BEIJING — When the online fantasy game “World of Warcraft” was yanked from China last year because of a bureaucratic turf battle, the millions of Chinese players were outraged.
An online chat session to discuss the problem attracted 32,000 indignant gamers. Tens of thousands filed complaints with China’s consumer rights agency – in one day. An Internet addiction expert who defended the shutdown on national television found himself bombarded with angry phone calls and death threats.
But there’s been little evidence of similar popular protest since online giant Google said it might shut down its google.cn search engine and cease operations in China. In fact, many of the country’s 384 million Internet users appear to greet the news with little more a shrug. Read more…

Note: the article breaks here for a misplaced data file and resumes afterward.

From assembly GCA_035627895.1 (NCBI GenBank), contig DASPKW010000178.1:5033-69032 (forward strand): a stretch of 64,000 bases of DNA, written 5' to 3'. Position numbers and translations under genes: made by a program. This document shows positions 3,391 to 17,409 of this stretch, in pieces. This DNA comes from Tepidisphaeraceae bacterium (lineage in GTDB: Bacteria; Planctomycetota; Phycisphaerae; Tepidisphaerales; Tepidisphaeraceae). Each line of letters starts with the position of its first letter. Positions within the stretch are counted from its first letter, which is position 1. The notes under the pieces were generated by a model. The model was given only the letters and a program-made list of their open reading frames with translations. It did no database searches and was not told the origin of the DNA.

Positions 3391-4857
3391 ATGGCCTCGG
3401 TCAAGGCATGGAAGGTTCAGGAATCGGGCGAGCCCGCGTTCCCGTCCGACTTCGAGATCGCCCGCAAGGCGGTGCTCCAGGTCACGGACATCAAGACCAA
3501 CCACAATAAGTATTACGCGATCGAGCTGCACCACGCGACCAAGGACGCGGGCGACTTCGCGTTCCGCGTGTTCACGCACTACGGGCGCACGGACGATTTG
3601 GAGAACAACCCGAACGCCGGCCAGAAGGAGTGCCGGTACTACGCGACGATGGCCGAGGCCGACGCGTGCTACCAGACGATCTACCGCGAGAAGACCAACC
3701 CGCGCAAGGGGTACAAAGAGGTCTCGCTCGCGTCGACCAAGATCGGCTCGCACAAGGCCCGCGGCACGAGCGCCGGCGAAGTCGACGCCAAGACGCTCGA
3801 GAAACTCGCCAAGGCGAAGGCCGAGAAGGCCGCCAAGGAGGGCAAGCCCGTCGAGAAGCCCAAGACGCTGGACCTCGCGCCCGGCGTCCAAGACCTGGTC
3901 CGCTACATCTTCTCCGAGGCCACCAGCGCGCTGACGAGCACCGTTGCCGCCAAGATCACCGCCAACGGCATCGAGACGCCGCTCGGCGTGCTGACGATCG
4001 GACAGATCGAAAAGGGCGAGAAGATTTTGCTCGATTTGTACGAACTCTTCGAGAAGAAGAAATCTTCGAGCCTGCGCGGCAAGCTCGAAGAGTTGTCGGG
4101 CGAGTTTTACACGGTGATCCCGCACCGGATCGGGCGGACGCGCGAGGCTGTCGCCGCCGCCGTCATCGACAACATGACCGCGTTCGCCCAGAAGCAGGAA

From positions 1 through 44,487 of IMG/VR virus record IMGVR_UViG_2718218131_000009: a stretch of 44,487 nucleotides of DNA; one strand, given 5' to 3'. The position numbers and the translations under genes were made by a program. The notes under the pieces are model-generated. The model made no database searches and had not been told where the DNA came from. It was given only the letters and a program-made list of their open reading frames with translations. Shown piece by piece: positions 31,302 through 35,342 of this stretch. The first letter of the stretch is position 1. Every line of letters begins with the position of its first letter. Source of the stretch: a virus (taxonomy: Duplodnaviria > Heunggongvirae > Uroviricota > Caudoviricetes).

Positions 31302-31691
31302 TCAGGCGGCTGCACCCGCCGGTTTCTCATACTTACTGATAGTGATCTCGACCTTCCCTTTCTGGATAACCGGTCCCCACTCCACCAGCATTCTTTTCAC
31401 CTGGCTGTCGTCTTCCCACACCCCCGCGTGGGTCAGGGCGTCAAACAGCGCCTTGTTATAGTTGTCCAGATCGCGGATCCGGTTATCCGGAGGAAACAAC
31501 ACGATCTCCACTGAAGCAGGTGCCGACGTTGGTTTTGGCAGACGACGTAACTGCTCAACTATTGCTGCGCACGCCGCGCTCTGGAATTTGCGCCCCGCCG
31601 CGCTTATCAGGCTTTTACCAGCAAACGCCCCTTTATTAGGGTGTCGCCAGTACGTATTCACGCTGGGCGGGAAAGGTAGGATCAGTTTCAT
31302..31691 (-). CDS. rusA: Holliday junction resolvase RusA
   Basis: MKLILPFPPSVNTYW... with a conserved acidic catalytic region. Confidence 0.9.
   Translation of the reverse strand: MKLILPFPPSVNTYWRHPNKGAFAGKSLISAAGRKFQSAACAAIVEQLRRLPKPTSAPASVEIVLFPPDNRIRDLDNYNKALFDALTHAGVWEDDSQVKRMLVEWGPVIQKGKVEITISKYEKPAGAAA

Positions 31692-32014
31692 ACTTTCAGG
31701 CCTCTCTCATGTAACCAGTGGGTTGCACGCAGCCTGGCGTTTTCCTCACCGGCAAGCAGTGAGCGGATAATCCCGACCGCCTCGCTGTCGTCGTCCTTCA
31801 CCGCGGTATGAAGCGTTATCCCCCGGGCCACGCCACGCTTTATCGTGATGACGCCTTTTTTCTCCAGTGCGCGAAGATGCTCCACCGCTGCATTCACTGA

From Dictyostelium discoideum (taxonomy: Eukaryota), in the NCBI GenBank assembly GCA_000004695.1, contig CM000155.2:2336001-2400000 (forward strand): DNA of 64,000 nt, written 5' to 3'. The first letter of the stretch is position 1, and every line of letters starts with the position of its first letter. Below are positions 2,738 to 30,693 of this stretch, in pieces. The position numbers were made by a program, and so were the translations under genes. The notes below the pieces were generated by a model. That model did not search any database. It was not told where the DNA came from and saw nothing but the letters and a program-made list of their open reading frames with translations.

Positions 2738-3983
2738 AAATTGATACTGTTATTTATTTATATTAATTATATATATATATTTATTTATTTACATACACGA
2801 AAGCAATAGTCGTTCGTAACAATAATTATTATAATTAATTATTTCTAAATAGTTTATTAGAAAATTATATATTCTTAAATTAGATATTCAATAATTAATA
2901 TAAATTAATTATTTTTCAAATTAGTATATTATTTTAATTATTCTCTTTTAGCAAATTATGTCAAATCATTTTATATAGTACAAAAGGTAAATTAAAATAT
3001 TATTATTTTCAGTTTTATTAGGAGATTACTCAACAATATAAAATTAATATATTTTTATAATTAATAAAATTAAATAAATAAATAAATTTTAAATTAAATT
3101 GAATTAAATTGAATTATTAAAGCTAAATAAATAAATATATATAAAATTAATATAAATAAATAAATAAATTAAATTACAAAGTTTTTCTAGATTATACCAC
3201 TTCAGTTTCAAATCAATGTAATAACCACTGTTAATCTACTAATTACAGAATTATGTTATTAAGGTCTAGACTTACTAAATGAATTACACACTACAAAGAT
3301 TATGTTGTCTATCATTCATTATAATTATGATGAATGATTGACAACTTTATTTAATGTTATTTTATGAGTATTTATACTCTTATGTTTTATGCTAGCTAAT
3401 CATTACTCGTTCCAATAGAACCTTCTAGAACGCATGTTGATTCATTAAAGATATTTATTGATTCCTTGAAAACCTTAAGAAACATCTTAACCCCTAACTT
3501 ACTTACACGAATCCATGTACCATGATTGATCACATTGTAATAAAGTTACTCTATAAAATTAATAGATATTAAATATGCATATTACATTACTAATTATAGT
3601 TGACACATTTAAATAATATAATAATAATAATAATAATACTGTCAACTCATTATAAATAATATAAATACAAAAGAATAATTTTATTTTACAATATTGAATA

World of Warcraft has integrity as an online game, it’s viable and I doubt its parent company likes playing politics that much! Google’s enigmatic exit is cluttered with the absurd. No wonder the Chinese netizen just shrugged off the news.
The Chinese has misread the game (WoW) and their consumers for something else. By playing the ‘as usual’, the Chinese censors has made a jester of an otherwise reasonable and competent (online) authority. As for the Google farce– perhaps changing your motto to ‘Don’t be Zealous’ would make simpler drawing 338 million* internet users to your massive brand.
* An estimated 338 million online users are based in China. 320 million have broadband access.